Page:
Sep. 6, 2005 The human and the chimpanzee Y chromosomes went their separate ways approximately 6 million years ago. But ever since this evolutionary parting, these two chromosomes have experienced different fates, new research indicates.
While the human Y has maintained its count of roughly 27 genes and gene families over the last 6 million years, some of these same genes on the chimp Y have mutated and gradually become inactive. The authors speculate that one likely reason for such disparity is due to chimpanzee mating habits.
"Contrary to the dire predictions that have become popular over the last decade, the sky is *not* falling on the Y," says Whitehead Member and Howard Hughes Medical Institute investigator David Page, senior author on the study that will appear in the September 1 issue of the journal Nature. "This research clearly demonstrates that natural selection has effectively preserved regions of the Y chromosome that have no mechanisms with which to repair damaged genes."
For many years, it's been assumed that the Y chromosome is headed for extinction because, unlike other chromosomes, it has no genetic "mate" with which to swap genes. In 2003, Page published a landmark paper in Nature challenging that claim by demonstrating how a certain region of the Y chromosome possessed a unique mechanism for repairing mutated genes.
Through sequencing the Y, the Page lab and collaborators at Washington University School of Medicine in St. Louis discovered that many of its genes were located in palindromes--long stretches of DNA letters that read the same forwards and backwards. By folding into a hairpin, the authors suggested, a gene might then swap the appropriate genetic material with itself. This demonstrated a process for the Y chromosome to maintain its integrity despite lacking a mate.
However, there is another region of the Y, called the "X-degenerate" region, where the genes are not situated in palindromes.
"The genes in the palindrome region are primarily sperm-producing genes, and most other genes unique to the Y aren't located there," says Jennifer Hughes, a postdoctoral scientist in Page's lab and first author on the paper. These other genes have no obvious means for self-repair. Because of this, many proponents of the "Y's demise" theory remained undaunted.
Once again collaborating with Richard Wilson from the Washington University School of Medicine in St. Louis Missouri, Page and his research team sequenced this X-degenerate region of the chimpanzee Y chromosome and compared it to the human Y.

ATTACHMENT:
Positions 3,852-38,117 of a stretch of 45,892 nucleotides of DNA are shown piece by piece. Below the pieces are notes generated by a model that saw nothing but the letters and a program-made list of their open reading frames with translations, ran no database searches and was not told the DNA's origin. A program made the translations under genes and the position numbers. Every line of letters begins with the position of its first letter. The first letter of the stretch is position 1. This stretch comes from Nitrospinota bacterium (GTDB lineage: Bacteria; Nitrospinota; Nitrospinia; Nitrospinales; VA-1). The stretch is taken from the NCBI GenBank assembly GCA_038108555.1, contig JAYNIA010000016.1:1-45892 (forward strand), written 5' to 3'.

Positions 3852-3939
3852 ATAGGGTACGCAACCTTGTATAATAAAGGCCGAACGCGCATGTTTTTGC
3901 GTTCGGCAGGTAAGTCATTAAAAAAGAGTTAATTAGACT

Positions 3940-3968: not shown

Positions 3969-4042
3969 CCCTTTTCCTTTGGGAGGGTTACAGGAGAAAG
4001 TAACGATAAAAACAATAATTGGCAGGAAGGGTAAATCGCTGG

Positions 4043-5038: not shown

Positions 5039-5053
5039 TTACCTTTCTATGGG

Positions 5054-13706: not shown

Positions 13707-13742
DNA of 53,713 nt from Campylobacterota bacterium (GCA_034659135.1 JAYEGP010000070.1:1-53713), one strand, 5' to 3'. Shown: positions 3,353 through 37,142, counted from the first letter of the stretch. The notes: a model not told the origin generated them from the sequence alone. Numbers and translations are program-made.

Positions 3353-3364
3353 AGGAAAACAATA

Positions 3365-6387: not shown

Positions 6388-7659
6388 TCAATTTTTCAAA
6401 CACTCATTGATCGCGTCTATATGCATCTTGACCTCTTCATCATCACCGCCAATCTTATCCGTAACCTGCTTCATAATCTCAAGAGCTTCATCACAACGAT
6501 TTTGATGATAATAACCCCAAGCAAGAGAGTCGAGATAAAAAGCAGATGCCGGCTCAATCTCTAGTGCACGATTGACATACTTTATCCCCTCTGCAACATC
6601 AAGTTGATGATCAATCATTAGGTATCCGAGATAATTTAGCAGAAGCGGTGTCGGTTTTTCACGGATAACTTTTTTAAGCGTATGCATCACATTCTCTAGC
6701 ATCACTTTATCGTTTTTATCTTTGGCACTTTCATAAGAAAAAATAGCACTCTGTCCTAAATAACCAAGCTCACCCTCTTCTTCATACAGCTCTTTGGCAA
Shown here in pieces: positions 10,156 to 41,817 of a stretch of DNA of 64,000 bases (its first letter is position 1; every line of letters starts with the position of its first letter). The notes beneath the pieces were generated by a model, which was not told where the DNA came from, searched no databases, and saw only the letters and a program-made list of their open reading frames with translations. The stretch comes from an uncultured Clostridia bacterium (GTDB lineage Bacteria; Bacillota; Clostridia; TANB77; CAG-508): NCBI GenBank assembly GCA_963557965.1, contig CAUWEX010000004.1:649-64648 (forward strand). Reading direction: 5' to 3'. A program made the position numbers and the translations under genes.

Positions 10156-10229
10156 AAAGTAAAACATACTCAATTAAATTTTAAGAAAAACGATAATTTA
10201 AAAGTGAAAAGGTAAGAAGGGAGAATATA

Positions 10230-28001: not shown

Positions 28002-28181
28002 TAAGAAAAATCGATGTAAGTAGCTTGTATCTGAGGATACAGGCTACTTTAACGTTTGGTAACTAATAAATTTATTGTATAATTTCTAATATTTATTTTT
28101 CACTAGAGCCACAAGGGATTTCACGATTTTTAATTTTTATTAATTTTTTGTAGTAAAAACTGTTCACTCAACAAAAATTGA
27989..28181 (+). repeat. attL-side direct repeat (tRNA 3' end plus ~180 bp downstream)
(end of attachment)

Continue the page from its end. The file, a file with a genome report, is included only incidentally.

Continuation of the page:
"We were looking for any evidence that the human Y has lost genes since parting ways with the chimp," says Hughes. "Had we found active genes on the chimp Y that had become inactive on the human, that would be the smoking gun. But we didn't find any such evidence. In fact, we found the opposite."
On the chimp Y, five genes have suffered mutations that rendered them inactive. On the human Y, those same genes continue to function perfectly. "So then," says Hughes, "even though the Y has lost many genes since its origin about 300 million years ago, it's been holding steady in humans for the last 6 million years."
In other words, if the one region of the Y can depend on itself for survival, the other region has found a friend in evolution.
"We now see that natural selection *is* working to conserve this unpartnered region of the Y," says Page, who is also a professor of biology at MIT. "If mutations do occur in any of these genes, they don't seem to pass on in the lineage. This is a clear example of how evolution is not just about moving ahead, it's also about not falling behind."
Fortunately for the primate world, male chimps, just like male humans, are probably not bound for early extinction. Those genes in the X-degenerate region are what scientists call "housekeeping" genes, meaning that they are active in most cells in the body and don't carry out any male-specific functions.
Page and his team speculate that the loss of genes on the chimpanzee Y may be due to the chimp's mating habits. Both male and female chimps engage with multiple partners when they mate. This gives a strong selective pressure on those genes that produce sperm. Conversely, it puts less pressure on evolution to preserve those genes on the Y whose functions have nothing to do with reproduction. Because humans historically have been largely monogamous, our Y chromosomes have been spared such selective-pressure imbalance.
"Of course," acknowledges Page, "this is a hypothesis that we have no way to scientifically prove or disprove. However, we believe it's currently the best explanation."
This work was supported by the National Institutes of Health and the Howard Hughes Medical Institute.
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